The single currency’s advocates are right about one thing: political motives have always underpinned the establishment of monetary unions, from Latin America’s in the period from 1865 to 1927 to that between Ireland and Britain from 1922 to 1979. But they are missing a crucial point: politics is also the reason for these unions’ dissolution. When the economic costs and divergences become too much of a threat, the political will to do what it takes to ensure the common currency’s survival collapses.

Voter reaction against the euro may well force the eurozone to stop lying still and take real action. The question is whether that would mean that some or all eurozone countries must go their separate ways.

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  1. CommentedZsolt Hermann

    There is also a saying, "if you do not know where you are, which way to go, it is better to sit and do nothing".
    I think this attitude might be closer to what the decision makers in Europe are doing, but this attitude can only be temporary.
    Not knowing the laws does not acquit one from committing a crime.
    Despite everybody agreeing to the fact that we evolved into a globally interconnected and interdependent human system, and especially in Europe where a preliminary infrastructure is already built for this purpose, not progressing towards full integration is a crime those delaying it will regret bitterly.
    A house has to built from the foundations, and trying to balance a roof over non-existing foundations and walls cannot be sustained.
    A common currency, even harmonized financial institutions cannot succeed, even with frantic manipulations and pouring endless billions into bottomless pits, when underneath the nations are working in highly different ways, are on different levels, and most of all continue to compete with each other.
    And it is possible that even with the next elections a deep erosion starts as the extremist parties gaining ground, resentment against the Euro experiment grows all over the globe.
    In a global, integral system only mutually complementing cooperation, integration from bottom up can succeed and build a sustainable structure.
    Of course it cannot be achieved forcefully, or by misleading people as all though history we tried to implement new systems.
    Any new change has to be introduced trough positive motivation, free choice, where people understand that it is in their best interest to join in, and take part in the change.
    And the only way of achieving this is through education, transparent, unbiased and scientific information change.
    And we already have more than enough data, we simply have to work out how to deliver it in the best way.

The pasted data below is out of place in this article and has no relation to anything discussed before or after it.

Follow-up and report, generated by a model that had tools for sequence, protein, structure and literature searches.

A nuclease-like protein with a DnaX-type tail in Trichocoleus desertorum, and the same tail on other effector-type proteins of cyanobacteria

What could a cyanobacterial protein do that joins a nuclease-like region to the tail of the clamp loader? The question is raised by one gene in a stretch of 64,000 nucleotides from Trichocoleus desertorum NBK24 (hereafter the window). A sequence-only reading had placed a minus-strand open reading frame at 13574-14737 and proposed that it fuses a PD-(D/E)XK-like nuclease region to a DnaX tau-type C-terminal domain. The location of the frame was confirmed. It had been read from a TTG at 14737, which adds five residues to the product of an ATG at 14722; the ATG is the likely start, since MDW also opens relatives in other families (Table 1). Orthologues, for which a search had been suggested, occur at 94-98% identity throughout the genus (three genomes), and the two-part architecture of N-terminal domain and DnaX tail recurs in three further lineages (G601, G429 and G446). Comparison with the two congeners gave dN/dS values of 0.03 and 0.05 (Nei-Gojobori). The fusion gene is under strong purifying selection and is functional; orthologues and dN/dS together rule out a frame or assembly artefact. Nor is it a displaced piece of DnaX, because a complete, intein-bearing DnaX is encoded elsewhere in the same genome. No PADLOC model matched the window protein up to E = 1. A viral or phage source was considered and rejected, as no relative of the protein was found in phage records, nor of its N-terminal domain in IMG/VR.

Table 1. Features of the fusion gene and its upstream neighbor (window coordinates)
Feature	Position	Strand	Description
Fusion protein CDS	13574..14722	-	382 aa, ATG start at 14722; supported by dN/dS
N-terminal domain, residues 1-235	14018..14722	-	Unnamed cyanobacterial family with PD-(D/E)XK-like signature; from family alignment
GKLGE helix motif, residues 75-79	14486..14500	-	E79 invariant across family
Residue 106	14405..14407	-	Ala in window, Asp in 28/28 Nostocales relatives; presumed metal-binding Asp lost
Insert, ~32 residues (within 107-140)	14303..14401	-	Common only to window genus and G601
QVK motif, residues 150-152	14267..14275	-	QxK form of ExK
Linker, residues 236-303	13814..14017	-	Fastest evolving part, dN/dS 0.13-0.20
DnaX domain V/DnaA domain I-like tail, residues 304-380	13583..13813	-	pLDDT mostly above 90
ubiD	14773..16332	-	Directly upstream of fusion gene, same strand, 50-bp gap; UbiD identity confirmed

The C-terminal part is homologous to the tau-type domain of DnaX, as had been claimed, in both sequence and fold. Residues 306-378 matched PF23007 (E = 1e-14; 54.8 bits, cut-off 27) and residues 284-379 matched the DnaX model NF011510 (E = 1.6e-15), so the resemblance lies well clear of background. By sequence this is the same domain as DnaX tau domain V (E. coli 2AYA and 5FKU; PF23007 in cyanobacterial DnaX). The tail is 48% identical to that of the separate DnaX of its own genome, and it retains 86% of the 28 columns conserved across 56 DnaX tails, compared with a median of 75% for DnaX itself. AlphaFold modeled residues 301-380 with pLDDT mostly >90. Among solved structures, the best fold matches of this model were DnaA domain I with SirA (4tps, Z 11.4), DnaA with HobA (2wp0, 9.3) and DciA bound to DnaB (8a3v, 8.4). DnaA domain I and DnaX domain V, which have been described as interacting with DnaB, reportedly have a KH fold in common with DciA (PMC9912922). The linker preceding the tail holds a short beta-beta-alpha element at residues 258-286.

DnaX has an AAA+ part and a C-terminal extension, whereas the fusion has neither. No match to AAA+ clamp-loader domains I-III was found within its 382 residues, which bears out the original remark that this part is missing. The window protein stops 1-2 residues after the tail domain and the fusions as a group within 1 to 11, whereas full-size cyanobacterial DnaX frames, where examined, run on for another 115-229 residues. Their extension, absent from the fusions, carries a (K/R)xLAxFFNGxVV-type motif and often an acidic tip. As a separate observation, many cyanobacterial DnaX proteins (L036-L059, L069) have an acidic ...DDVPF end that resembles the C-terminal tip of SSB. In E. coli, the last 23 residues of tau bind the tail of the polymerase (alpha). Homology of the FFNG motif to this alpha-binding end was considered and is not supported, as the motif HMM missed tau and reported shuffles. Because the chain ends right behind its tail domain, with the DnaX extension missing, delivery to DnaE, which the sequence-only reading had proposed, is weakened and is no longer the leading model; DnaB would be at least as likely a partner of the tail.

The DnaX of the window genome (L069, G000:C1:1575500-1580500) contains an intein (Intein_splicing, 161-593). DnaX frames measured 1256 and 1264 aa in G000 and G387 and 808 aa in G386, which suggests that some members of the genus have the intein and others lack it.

1. CommentedEdward Ponderer

      God, give me grace to accept with serenity
      the unstoppable evolution of Humanity into one global society that cannot be changed,
      Courage to rise above my individual and national ego--for my own and my nation's sake--to do everything in my power to assist in the successful and happy integration of people and nations into that global unity,
      and the Wisdom to move away from my childish short-nearsightedness, greed, fear, and habitual following of outdated models and methods just because they are my training, habit, and sense of power & prestige--for they are the way of the lemming, and I don't want myself, my nation, or my human race to be lemmings.

  2. Commentedhari naidu

    I've a feeling you're poking a finger into your own eyes because of your confused perspective from London. And may be demise of Cameron and Conservatives in next general election.

    If you recall when Maastricht Treaty was being formalized, Lady Thatcher and Whitehall Treasury advocates were also poking their fingers into Euro, as a single currency. They preferred the global hegemony of USD...as a leverage.

    Euro is now a global reserve currency with roughly 25% share... and still rising... in spite of the Euro crisis. Why? Because EM prefer bilateral trade dealing in Euro, for example, mainland China. Of course, supplanting the dominance of dollar trade will take time, but it shall eventuate - just like the demise of Sterling!

    I shall forecast for you that the majority in next EP elections will be represented by centre-left parties. The right-wing fringe parties - UKIP! - on which you are calculating to poke
    fingers into Euro policy will not change the balance of power in EP. Single issue parties will not survive in EP with emerging new Banking Union and a more transparent Single Market.

    Moreover, expect Euro inflation to pick-up during the next EP election process - end of deflation threat.